Solo electronica from the UK’s own Jim Bryant comes through with waves of bass and distant fragments of thought – his project Living With the Storm delivers a brand new EP.
Beginning with its title-track, pairing the simple, hypnotic repeat of an upfront bass-line with echoes of industrial rhythm and tinny layers of intimate voice and retro shimmers, The Purpose Of The Planet delves into the role of the self, accessing head space with both topic and overall vibe.
From the calming wash of the first half, to the more minimal mid-section of quiet, raw reflections, the track creates an ideal arena of peaceful contemplation. The lyrics are kept simple yet suggestive, provocative even, and the instrumental permits the listener time to fill in the gaps.
Ultimately, ‘we don’t know where we belong’ resounds in a beautifully unified, strangely comforting fashion.
Call it dreamy trip hop or nostalgic electronica with an edge of contemporary creative intention, Living With The Storm brings together organic musicianship and uninhibited production and writing. The EP is as poetic as it is personal, as vast as it is focused, and as uncertain as it is confident in its portrayal of modern living.
With Face The Island, strength of songwriting takes over – an easy piano lead, a familiar melody, a melancholic yet catchy hook. Only a select few lyrics are needed, alongside the emotive ache in the accessible, relatable vocal, and the subtle but clever build-up of the music, to entirely envelop the listener in this energy and understanding.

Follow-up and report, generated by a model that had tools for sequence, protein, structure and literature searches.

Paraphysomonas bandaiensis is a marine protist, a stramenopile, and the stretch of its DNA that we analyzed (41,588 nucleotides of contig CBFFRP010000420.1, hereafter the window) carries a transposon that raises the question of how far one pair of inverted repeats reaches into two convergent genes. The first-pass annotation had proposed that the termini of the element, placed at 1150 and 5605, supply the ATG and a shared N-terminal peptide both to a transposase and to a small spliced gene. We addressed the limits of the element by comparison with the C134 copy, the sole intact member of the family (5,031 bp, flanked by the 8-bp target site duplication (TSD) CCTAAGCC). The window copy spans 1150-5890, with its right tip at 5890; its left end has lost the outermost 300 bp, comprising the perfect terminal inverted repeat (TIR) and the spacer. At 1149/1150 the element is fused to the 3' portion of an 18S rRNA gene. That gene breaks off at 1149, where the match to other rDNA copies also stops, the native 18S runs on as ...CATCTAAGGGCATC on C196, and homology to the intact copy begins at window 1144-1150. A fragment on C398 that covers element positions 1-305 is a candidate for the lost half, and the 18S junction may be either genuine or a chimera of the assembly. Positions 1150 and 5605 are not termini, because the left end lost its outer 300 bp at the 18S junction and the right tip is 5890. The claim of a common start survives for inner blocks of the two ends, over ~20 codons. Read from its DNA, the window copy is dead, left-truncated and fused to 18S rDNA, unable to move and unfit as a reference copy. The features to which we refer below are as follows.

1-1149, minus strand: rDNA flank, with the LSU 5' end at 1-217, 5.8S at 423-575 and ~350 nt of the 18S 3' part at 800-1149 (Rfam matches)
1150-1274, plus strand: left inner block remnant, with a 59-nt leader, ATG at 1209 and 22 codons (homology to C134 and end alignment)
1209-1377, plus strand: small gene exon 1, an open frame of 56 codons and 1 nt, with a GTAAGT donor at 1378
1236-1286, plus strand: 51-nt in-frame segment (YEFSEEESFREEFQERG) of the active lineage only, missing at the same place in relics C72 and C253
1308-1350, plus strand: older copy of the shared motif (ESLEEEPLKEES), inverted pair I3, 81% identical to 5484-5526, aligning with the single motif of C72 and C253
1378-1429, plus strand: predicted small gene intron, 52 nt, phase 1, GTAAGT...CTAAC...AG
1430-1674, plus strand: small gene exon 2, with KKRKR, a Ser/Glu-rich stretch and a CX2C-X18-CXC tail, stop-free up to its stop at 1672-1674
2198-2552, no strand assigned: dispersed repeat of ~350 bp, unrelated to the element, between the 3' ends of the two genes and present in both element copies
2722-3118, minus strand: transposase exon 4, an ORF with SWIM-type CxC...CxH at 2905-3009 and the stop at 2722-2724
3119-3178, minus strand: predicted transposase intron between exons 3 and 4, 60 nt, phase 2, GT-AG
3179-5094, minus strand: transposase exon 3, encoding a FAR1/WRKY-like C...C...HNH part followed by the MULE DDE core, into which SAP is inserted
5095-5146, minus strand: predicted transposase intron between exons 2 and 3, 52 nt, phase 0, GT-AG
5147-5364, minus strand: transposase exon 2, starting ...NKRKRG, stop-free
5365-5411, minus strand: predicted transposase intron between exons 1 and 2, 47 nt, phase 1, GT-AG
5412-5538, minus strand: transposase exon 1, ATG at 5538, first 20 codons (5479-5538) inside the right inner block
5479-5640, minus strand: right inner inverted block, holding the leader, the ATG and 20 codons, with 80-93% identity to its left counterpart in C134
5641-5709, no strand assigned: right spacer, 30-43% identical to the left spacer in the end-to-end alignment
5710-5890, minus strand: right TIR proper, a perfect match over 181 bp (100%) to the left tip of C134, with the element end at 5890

Subliminal unites heavy bass and vintage synths, organ-style notes and other less determinable utterances, for an instrumental that intrigues and captivates; aptly luring you in to provoke thoughts of something bigger and unexpected. Alternative jazz, to a degree, free-flowing yet purposeful and passionately wrapped up.
Vocally there’s an air of eighties and nineties songwriting, the likes of Depeche Mode then Elbow, in the way the lyrics emerge. Musically though, there’s a sort of Avant Garde edge of artistry to each track, and this builds upon the audience’s connection to the moment in a beautifully refreshing way. Pieces That Don’t Fit makes for a rather stunning, hypnotically melancholic and simultaneously hopeful example.
Then we get the easy, familiar rising anticipation of the piano to finish, live keys complete with the weight of touch, and a breathy, drawn-out vocal lead of poetic observations. As vague as ever, yours to interpret – to each their own experience, as is the gift of finely-crafted music and art.
The recognisable presence of the piano on Don’t Forget Us injects a welcomed touch of identity that helps string the whole project together. It actually leaves you wanting more – wishing the collection was longer. Of course, it’s always better to leave your audience keen to re-listen, than to overstretch an experience for the sake of quantity.
Beautiful, unusual yet welcomed, relevant – a real pleasure to escape into, to consider, and to feel affected by.